Senate E-Filing Bill Reintroduced, Pass S. 482

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Here we go again! Just today, Sen. Russ Feingold introduced a bill, S. 482, to require senators to file their campaign finance reports electronically, rather than in paper format. The Senate is the only body that does not require the electronic filing of these reports, causing delays in disclosure and a general loss of transparency for the public. Feingold has introduced a version of this bill in each of the last three Congresses. We hope that this is the last year that Sen. Feingold has to introduce this bill.

Sen. Chuck Schumer, a co-sponsor, explained the bill as “a no-brainer. It should be approved expeditiously to increase disclosure and move the Senate’s reporting system into the 21st century.” Also, Sen. Thad Cochran, the lead Republican co-sponsor, hopes that “the Senate will consider the bill in a timely manner and approve it so that we can begin to operate under a modern filing system.”

The Sunlight Foundation has actively pressed for the passage of this commonsense bill for over two years now. Last year, the previous version of the bill, S. 223, was blocked by Sen. John Ensign after he attempted to attach a poison pill amendment to the bill. This year, we hope that the Senate will consider this bill on its own merits and not try and block it or weigh it down. As has been stated in previous sessions of Congress, there is no public opposition to the bill itself. If you want to see our previous coverage of the bill please follow the tags “Electronic Filing” and “S. 223“.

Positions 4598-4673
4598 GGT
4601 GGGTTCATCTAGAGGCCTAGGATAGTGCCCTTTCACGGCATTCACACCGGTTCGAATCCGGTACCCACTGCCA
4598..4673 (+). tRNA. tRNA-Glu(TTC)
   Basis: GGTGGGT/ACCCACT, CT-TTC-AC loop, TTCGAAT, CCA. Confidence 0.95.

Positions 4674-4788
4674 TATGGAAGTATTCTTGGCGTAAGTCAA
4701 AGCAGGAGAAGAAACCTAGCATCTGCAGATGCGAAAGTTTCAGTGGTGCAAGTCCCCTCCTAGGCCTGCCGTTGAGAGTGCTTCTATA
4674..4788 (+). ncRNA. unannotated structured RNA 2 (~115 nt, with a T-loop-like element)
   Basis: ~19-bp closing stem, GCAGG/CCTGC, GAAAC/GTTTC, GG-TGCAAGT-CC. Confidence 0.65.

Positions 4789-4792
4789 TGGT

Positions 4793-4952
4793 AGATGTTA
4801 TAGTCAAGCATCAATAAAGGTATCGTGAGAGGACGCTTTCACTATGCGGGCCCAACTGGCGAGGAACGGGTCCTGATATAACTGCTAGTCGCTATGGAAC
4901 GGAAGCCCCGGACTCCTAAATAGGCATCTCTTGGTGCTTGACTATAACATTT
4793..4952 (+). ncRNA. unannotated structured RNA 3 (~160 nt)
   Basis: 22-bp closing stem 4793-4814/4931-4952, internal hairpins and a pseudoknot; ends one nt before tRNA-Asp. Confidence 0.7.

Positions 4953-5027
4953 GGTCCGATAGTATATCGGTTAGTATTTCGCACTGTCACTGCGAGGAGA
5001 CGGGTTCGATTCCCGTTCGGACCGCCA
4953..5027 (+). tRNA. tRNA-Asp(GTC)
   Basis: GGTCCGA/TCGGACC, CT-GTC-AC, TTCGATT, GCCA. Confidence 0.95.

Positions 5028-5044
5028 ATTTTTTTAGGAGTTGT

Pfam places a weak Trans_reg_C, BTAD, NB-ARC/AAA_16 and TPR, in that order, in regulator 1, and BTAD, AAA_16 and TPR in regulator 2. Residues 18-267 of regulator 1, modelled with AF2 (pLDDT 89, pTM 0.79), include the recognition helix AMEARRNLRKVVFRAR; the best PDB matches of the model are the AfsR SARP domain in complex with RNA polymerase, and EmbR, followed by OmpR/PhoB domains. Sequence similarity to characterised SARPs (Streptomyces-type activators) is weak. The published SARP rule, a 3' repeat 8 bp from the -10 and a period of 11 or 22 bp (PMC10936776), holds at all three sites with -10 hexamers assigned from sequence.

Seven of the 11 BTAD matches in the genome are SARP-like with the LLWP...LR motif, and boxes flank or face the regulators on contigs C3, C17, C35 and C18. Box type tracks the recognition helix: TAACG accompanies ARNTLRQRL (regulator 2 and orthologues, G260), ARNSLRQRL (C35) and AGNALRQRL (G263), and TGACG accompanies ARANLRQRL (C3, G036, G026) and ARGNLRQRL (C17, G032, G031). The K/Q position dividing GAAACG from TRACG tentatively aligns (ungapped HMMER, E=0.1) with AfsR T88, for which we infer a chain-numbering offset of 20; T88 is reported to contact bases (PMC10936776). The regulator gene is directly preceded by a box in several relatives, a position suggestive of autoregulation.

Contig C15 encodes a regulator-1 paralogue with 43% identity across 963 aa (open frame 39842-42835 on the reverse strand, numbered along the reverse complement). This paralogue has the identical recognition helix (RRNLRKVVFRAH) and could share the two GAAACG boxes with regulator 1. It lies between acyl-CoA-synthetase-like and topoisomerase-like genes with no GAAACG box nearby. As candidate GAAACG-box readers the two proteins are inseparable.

The bill as introduced has 25 co-sponsors hailing from both parties. They are: Sens. Akaka, Alexander, Bennett, Bingaman, Brown, Cardin, Chambliss, Cochran, Dodd, Durbin, Feinstein, Grassley, Harkin, Isakson, Kerry, Leahy, Levin, Lieberman, Lugar, McCain, Nelson (NE), Reed, Reid, Rockefeller, and Schumer. We hope that more join on to support transparency and Pass S. 482.

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  • Great news!

    Though Sen. Feingold’s press release indicates a misunderstanding senators have about the ramifications of filing on paper: “Under the current paper filing system, the FEC’s detailed coding, which allows for more sophisticated searches and analysis, is completed over a week later for Senate reports than for House reports.”

    “Over a week”? More like two to three months — that’s how long it takes for the FEC to key in every Senate candidates’ contribution data. All the more reason to enter the 21st century.

    And here’s one more reason: saving paper. Senators’ campaign finance reports can be hundreds of pages long. Electronic filing will save hundreds of thousands of sheets every election cycle.

    Pass S. 482!